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Thread: tracking collars

  1. #11
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    Why make tracking systems mandatory.

    Safety of the dogs.

    Safety of the general public and hunters.

    Respecting others property and respecting other hunters

    Respect for Game
    Last edited by swampsinger; September 1st, 2018 at 10:48 AM.

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  3. #12
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    Quote Originally Posted by thunderbelly View Post
    I need more explaining, so far, I disagree with you, and think forcing someone to spend that much money on something that isn't necessary, doesn't make any sense.
    As far as applying to all service dogs, how would wearing a GPS tracking collar help a seeing eye dog ( or whatever the PC term is)? All the service dogs I see, are on leashes and under control of the owner. When I am hunting my dogs are under my control, but not on leashes. I use mini cow bells on my dogs ( left over from my beagle days) or an electronic beeper to keep in contact with them.
    I believe your intentions are good, but without reasons for a blanket statement like "Tracking collars and I.D. collars/tags should be mandatory for all hunting dogs. It should also be illegal to remove or disable these collars and tags. " I could never agree with you on this. Please, change my mind.
    In answer to your question, with no intent to change your mind, most service dogs are not on leash and roam in wilderness areas at all times of year to locate lost individuals or human remains. Service dogs are typically owned and paid for by the owners out of the owners pockets and take a lot of training to become certified to National standards. Making it mandatory may also require the team (not the owners) to provide the units, the cost of a GPS in this case is minimal considering the other costs involved.
    " Grant Mountain Bloodhounds Clementine Burgermeister TD, MiSAR"


  4. #13
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    I would say, most service dogs are cruising malls, and escorting their handlers through their daily routines. I think, ( because of your signature and statement) you are talking about service dogs that perform search and rescue. I don't know much about that area, I imagine there are some instances when the dog is off leash. While tracking, my dogs, are on long leashes, a practice I thought was common to most. While hunting birds, they are off leash, but within ear shot at all times,. While small game hunting, they are also close enough to hear the mini cowbell hanging from their collar. I don't allow them to chase deer, personal preference, but I suppose if I was to use them to track bear, I would have them on a gps system. When hunting coyotes, there is no need for a bell or tracking collar, all the action happens within sight.
    I have to agree with an earlier statement, if someone was to steal one of my dogs, having a gps collar on them, would just lead me to the place the acehole parked, and tossed my dog's collar. I am pretty sure, once he got my dog home, he would see the ID tag I have on their normal collars, realize his mistake, and call me right away.

  5. #14
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    Had my dog stolen, tracking collar discarded into a road side ditch about 3 miles away. Dog was ear tattooed, got him back 5 months later, still had my yard collar on, but name plate removed. Bad people will always do bad things.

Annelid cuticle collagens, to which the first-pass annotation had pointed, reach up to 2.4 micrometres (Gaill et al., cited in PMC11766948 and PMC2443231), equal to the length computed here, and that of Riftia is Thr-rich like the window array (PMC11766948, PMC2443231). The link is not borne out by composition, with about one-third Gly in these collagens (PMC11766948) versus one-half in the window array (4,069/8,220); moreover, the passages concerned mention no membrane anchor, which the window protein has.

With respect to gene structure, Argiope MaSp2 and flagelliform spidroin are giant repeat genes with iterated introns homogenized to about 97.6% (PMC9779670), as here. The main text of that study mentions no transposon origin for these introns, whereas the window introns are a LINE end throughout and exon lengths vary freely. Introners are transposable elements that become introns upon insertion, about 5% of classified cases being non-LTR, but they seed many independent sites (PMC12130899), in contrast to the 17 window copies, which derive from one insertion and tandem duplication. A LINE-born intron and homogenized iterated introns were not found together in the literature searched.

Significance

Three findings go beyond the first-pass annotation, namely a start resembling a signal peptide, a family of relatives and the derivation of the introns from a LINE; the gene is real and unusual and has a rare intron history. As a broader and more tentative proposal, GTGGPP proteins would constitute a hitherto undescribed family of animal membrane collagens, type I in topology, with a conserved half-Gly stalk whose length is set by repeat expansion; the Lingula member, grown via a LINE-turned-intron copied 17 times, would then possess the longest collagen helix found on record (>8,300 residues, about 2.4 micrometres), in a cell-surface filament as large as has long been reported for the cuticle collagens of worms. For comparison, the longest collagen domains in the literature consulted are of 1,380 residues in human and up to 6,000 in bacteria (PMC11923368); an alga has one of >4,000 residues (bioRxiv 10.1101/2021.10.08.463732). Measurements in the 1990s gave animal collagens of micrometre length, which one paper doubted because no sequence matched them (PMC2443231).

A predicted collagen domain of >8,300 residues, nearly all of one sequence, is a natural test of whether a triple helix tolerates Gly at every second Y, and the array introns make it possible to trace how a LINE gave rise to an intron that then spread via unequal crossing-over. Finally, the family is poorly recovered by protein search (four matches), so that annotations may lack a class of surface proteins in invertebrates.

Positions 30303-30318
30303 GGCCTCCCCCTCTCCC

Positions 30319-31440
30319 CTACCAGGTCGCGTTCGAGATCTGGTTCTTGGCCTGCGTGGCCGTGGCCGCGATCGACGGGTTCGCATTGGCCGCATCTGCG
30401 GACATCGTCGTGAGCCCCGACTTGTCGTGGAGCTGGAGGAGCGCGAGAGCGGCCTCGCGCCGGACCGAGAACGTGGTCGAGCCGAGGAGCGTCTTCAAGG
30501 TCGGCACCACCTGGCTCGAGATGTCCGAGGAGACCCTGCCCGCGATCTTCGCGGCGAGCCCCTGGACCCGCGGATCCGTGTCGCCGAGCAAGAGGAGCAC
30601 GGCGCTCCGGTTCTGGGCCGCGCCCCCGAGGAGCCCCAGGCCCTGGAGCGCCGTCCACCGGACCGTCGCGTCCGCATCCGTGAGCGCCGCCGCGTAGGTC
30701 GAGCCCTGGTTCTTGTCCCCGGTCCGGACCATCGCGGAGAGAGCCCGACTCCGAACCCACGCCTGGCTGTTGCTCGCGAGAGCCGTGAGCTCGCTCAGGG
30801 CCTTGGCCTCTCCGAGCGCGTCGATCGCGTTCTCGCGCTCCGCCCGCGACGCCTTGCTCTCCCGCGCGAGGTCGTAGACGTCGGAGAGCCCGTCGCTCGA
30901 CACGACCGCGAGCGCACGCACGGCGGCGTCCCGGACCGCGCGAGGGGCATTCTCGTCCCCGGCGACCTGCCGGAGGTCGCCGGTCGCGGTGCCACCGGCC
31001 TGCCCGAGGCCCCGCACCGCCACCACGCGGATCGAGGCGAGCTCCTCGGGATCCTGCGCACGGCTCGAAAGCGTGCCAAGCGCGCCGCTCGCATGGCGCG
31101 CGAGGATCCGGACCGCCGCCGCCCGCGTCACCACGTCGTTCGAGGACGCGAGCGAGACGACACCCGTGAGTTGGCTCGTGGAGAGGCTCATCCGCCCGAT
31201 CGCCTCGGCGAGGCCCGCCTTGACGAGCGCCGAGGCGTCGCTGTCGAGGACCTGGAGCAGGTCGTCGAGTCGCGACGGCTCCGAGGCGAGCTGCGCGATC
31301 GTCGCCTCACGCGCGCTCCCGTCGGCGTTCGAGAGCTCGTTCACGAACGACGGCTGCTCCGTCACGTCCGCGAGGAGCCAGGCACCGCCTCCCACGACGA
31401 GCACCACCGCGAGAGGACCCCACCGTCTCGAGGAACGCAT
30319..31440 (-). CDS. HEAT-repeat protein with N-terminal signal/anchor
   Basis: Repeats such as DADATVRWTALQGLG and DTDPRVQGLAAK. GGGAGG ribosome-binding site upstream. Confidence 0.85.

6. #15
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    The main benefit of using tracking systems is to prevent loss of Hounds. I can speak from personal experience. I started using a radio tracking system approximately 25 years ago, and since that day I have never come home without my treasured Beagles. The new gps systems have improved that benefit and can do a lot more. I believe its just part of being a responsible Hound owner. Most Hound owners that I know and associate with already have these units in use. Its quite common to attend a Beagle field trial with 70 or 80 Hounds entered and every single one of them is wearing a tracking collar.

    The first myth antis throw at us is we don't care about or value our Hounds and abandon them after the hunt. The public at large doesn't know the difference between myths like this and reality. I believe a mandatory program of tracking systems could create some goodwill and dispel some myths with the general public.

  7. #16
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    The only thing I wish the GPS collars had was the same type of shut off that the wildlife collars have, a magnet. The GPS collars are too easy to turn off. Had this happen a couple of years back . Collar was turned off where they left the property and the scum bag turned the dog loose some 20 clicks away. They also took his ID collar off. Got the dog back from the animal shelter in Bancroft, but never found the GPS collar.
    SkyBlue Big Game Blueticks

  8. #17
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    Quote Originally Posted by swampsinger View Post
    The first myth antis throw at us is we don't care about or value our Hounds and abandon them after the hunt. The public at large doesn't know the difference between myths like this and reality. I believe a mandatory program of tracking systems could create some goodwill and dispel some myths with the general public.
    Not a hounds man however believe tracking collars is an added insurance for the well being of the dogs. However making it mandatory isn't the option Easy enough for them too say see they need to be legislated to protect their pooch.
    Educating hunter on the benefits of use and eliminating barriers to using it the answer.
    Time in the outdoors is never wasted

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